Last Friday morning in the shower, in the middle of rinsing off the lather from Shanna's left-behind Japanese cucumber body wash, I discovered a lump on my left breast, hovering beneath the surface. A decidedly there lump, nothing ambiguous or ill-defined, but smooth and firm and unarguable, surrounded as it was by pale, soft flesh.
Much to my consternation and dismay I found myself falling into something approximating shock, convinced in that moment that not only had I been found out, found guilty (of what, exactly, I do not know - a certain well-documented fatalism, perhaps, abruptly rendered asunder?), and sentenced to a slow & painful death, but also that I would suffer through it alone. And for two days I hovered in a circle of -- not panic, though panic certainly broke through in moments, but aloneness, hours of silence and solitude interjected with sudden outbursts of attempted connection: a Gmail chat with Marti during quiet moments at work on Friday; a phone message left for my Ari-love Saturday afternoon; an all-encompassing Dave hug that evening in the pitch-black hold of a rusted-out ship as I cried into the front of his T-shirt; a calmer, more rational exchange with Andrew & Chris later that night in a cab ("When did you first notice it?," "Is there a history of breast cancer in your family?"); and finally breakfast in a Hell's Kitchen coffee shop with Chris Sunday morning (cappuccinos -- mine hot, his iced; a corn & maple syrup muffin, a blueberry muffin, a scone, an unread newspaper), and an awkward but heartfelt offer to accompany me to the doctor, followed quickly by talk of possible Christmas plans.
And then a quiet Sunday at home making soup, brushing the Llama-monster, doing laundry. Followed by a joyful Monday morning moment of realizing that the lump, this frightening, body betraying, soul invading lump, was smaller than it had been the night before, that fingers had to press more forcefully into soft, pale flesh to discern its presence.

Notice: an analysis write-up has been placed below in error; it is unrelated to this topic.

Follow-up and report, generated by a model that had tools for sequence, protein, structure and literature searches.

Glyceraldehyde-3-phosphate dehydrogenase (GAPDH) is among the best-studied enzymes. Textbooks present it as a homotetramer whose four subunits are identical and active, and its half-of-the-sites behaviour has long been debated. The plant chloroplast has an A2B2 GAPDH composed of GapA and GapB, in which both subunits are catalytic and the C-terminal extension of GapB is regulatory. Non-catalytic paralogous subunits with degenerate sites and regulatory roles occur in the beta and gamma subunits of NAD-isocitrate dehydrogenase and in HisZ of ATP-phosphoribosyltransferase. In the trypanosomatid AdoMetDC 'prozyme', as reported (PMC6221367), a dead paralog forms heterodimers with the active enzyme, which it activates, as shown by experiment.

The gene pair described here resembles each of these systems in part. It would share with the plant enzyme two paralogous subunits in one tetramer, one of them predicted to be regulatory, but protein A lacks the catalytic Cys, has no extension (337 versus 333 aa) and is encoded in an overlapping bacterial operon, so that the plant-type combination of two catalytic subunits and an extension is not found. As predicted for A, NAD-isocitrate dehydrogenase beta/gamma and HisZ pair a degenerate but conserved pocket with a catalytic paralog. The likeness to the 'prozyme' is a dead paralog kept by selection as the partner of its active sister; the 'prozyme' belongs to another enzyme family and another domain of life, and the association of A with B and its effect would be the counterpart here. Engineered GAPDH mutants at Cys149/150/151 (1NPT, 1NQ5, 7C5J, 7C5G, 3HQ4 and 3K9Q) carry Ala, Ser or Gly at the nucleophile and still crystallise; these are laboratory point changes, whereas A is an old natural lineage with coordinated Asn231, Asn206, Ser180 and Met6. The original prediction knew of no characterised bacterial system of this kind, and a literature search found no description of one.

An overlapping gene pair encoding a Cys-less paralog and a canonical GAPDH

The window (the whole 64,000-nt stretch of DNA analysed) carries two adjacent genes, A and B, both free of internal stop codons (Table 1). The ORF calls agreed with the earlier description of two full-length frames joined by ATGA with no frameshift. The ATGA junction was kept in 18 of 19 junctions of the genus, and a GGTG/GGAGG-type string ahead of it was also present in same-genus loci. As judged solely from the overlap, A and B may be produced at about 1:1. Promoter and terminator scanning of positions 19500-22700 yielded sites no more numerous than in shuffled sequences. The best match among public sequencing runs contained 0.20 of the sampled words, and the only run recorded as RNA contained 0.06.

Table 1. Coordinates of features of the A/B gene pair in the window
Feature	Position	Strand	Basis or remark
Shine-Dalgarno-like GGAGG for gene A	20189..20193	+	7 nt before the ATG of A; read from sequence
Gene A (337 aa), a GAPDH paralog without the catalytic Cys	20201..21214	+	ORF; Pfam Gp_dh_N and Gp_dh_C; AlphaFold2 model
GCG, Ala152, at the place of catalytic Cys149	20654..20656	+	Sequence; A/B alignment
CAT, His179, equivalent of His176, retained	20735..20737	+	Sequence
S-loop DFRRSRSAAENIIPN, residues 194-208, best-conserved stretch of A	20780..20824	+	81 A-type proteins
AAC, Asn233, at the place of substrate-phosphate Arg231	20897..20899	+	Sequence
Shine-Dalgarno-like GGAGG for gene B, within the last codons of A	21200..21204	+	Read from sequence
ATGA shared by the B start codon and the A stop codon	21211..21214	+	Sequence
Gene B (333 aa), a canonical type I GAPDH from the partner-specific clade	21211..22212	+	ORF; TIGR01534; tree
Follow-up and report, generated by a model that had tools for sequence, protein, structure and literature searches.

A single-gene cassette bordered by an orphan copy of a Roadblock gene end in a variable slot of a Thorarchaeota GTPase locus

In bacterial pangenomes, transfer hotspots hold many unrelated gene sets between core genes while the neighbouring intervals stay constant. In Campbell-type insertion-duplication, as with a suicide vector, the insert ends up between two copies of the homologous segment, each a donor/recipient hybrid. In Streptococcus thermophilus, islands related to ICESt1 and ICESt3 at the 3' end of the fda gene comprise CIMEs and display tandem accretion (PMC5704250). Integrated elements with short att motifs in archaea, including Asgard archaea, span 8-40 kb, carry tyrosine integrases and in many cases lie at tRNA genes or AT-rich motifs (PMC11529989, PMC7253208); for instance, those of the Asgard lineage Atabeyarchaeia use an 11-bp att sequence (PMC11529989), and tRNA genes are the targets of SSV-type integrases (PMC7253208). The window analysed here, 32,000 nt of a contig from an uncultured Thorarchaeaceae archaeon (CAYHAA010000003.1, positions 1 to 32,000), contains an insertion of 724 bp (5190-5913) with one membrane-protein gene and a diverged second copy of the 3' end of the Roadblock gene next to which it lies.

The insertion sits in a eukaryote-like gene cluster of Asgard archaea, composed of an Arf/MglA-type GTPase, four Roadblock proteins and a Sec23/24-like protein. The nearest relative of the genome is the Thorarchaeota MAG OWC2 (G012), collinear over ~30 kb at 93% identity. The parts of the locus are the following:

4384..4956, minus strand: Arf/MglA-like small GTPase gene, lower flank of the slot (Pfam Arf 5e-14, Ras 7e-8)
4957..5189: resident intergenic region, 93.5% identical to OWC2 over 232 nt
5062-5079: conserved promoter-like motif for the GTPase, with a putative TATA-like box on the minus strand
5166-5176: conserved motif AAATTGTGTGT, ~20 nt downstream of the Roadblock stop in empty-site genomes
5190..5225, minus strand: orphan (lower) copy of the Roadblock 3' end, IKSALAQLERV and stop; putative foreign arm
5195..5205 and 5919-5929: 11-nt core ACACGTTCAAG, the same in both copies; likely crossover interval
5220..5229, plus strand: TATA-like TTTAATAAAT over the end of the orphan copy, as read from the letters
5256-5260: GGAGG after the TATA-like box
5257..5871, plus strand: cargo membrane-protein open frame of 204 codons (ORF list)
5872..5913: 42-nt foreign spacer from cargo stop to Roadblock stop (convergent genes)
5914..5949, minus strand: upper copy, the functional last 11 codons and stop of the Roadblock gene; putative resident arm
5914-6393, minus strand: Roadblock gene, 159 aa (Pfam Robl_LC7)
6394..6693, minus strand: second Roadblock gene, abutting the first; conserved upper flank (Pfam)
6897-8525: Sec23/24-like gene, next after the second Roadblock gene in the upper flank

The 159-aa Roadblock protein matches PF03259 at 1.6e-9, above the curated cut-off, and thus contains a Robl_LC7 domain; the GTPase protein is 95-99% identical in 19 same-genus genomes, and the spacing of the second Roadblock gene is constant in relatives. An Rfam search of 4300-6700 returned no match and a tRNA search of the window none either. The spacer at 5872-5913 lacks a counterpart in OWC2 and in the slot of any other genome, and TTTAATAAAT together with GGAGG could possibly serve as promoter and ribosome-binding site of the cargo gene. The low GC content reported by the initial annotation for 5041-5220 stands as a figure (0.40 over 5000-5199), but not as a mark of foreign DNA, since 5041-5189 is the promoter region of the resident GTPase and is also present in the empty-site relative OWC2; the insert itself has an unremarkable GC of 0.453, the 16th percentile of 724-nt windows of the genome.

After these days of living somehow outside of my body, of feeling disconnected, severed, from my physical self, it has taken a little while to fully breathe again. But what amazes me (with a little distance, a little space, between me and this initial discovery) is not so much the abject loneliness that felt so overwhelming at first, but rather the trajectory of reconnection with the rest of my world, the part of my world that holds and carries the people who love me, the people I hold dear.
First the computer confession holding emotion at bay. Then the message left for Arielle giving voice to fear without anyone actually listening, a one-sided exchange of near- (if momentary) hysteria. And then Dave, who could tell when I arrived at the bar that night that something wasn't right, asking immediately, "Ca va," and then again later, more insistently, "Ca va?" And finally, Chris and Andrew, a taxi ride to their apartment, a late night feast of apples and tomatoes and goat cheese, a tooth brush kept in their bathroom just for me, kisses on the cheek and hugs good night.
So here I am, practically lump-free, breathing in this almost-autumn air with a quiet pleasure that is hard to describe. And I will call Dr. L tomorrow and set up an appointment, get checked out, just to be sure of things, to be sure again that things are alright.